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Nuno Pereira
Nuno Pereira

Posted on • Updated on

Differences between "null" and "undefined" keywords?

They both represent a empty value.

Difference nr 1!

When you define a variable but not assign a value to it, it automatically puts a placeholder which is called undefined so you don't have do it manually, JavaScript does it for you.

Null means an empty or non-existent value.

Null is assigned, and explicitly means nothing. while undefined typically means a variable has been declared but not defined yet.

var a;
// undefined

var b = null;
// null

Difference nr 2!

Null and undefined are both primitives and falsy values. However null is also an object. Interestingly, this was actually an error in the original JavaScript implementation.

var a;
// undefined

var b = null;
// object

Difference nr 3!

As you can see so far, null and undefined are different, but share some similarities. Thus, it makes sense that null does not strictly equal undefined.

console.log(null !== undefined);
// true

But, and this may surprise you, null loosely equals undefined.

console.log(null == undefined);
// true

In JavaScript, a double equals tests for loose equality and preforms type coercion. This means we compare two values after converting them to a common type.

See you soon for more tips !

Top comments (10)

jamesthomson profile image
James Thomson • Edited

Null and undefined are both primitives and falsy values. However null is also an object.

And this is why no one will ever fully understand JavaScript 😆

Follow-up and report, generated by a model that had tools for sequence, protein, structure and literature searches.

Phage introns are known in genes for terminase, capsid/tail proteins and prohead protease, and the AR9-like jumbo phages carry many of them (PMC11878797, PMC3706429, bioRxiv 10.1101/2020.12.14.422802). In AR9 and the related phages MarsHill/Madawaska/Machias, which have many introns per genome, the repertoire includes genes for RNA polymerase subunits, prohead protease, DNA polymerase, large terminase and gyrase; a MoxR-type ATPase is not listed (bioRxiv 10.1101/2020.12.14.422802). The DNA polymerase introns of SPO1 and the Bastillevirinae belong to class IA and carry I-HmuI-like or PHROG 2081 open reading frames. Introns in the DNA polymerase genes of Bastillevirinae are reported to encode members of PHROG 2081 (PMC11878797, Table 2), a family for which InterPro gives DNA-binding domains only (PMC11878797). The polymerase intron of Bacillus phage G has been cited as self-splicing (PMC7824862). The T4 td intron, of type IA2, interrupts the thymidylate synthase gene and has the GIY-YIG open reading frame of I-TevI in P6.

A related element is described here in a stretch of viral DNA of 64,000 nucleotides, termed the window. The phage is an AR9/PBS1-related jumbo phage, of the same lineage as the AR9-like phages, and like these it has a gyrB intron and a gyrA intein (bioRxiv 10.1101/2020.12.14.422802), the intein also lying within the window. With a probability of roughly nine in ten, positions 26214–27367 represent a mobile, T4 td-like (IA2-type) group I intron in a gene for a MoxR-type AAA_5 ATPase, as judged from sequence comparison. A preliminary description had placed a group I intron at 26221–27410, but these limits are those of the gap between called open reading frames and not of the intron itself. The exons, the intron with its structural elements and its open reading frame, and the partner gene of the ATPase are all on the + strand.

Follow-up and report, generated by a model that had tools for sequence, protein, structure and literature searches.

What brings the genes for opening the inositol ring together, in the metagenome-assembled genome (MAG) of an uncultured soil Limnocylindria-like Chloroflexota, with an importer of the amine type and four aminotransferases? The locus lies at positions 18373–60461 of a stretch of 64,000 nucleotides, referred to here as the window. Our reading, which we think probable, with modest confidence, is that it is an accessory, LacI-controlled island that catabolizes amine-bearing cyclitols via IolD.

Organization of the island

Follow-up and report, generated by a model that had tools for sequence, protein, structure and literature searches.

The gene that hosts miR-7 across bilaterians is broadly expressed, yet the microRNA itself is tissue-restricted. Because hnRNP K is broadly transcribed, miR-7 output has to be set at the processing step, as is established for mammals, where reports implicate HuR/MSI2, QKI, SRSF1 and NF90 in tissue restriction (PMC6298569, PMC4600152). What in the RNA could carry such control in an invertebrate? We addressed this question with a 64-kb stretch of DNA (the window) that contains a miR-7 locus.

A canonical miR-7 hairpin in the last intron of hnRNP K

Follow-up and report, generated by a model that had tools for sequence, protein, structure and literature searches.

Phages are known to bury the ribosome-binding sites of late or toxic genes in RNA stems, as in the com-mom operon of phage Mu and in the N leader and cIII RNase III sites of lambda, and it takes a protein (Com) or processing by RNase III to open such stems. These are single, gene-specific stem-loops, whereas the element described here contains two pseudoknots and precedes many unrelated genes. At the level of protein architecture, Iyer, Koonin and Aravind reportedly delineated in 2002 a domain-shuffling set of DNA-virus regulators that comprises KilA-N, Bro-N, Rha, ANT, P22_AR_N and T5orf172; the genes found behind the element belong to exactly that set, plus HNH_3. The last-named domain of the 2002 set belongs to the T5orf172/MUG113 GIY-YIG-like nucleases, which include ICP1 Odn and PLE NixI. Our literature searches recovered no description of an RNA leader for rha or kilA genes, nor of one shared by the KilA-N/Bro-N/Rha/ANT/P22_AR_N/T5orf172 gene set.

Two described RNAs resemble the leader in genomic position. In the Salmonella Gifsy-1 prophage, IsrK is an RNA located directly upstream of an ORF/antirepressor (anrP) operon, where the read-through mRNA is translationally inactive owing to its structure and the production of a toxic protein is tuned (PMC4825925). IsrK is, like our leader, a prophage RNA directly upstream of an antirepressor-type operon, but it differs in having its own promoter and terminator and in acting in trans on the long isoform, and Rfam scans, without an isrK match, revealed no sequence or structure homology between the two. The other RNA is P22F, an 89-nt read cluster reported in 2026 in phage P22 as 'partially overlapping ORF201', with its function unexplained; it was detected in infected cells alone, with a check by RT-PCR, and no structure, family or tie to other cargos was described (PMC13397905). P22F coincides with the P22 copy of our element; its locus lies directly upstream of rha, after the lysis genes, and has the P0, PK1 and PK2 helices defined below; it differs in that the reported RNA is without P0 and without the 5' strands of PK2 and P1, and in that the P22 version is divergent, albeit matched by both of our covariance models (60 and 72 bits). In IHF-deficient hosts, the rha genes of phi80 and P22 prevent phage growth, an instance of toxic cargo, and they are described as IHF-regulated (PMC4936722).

Even taken from MDN:

The value null represents the intentional absence of any object value. It is one of JavaScript's primitive values.

And when you click through to primitive values, MDN states:

In JavaScript, a primitive (primitive value, primitive data type) is data that is not an object and has no methods.

Yet, typeof null // object 🤔

What the what 🤯

vlasales profile image
Vlastimil Pospichal • Edited
anna = {}
bill = {}

anna.age = null
bill.age = null
console.log(anna.age == bill.age)  // ???
console.log(anna.age === bill.age)  // ???

anna.age = NaN
bill.age = NaN
console.log(anna.age == bill.age)  // ???
console.log(anna.age === bill.age)  // ???
emptyother profile image

The new optional parameter for ES6 only cares about undefined.

function myFunc(a, b = 0) { console.log(a,b); }
myFunc(1); // 1 0
myFunc(1,null); // 1 null
myFunc(1,undefined); // 1 0
myFunc(1,getSomeNonExistingValue()); // 1 (null or 0)

Wouldn't it be simpler to use undefined instead of null everywhere? Just stop using null?

alexparra profile image
Alex Parra

Yeah, this has tripped me a couple of times...

_ezell_ profile image
Ezell Frazier

I like to think of undefined as the void personified.

umezvictor profile image
Victor Umezuruike

Sometimes it can be really confusing. Thanks for the explanation

nitinreddy3 profile image
Nitin Reddy

Yeah, JavaScript is a weird programming language but a nice one.

nunocpnp profile image
Nuno Pereira

Indeed :)

nunocpnp profile image
Nuno Pereira

Cool, thx for adding this up !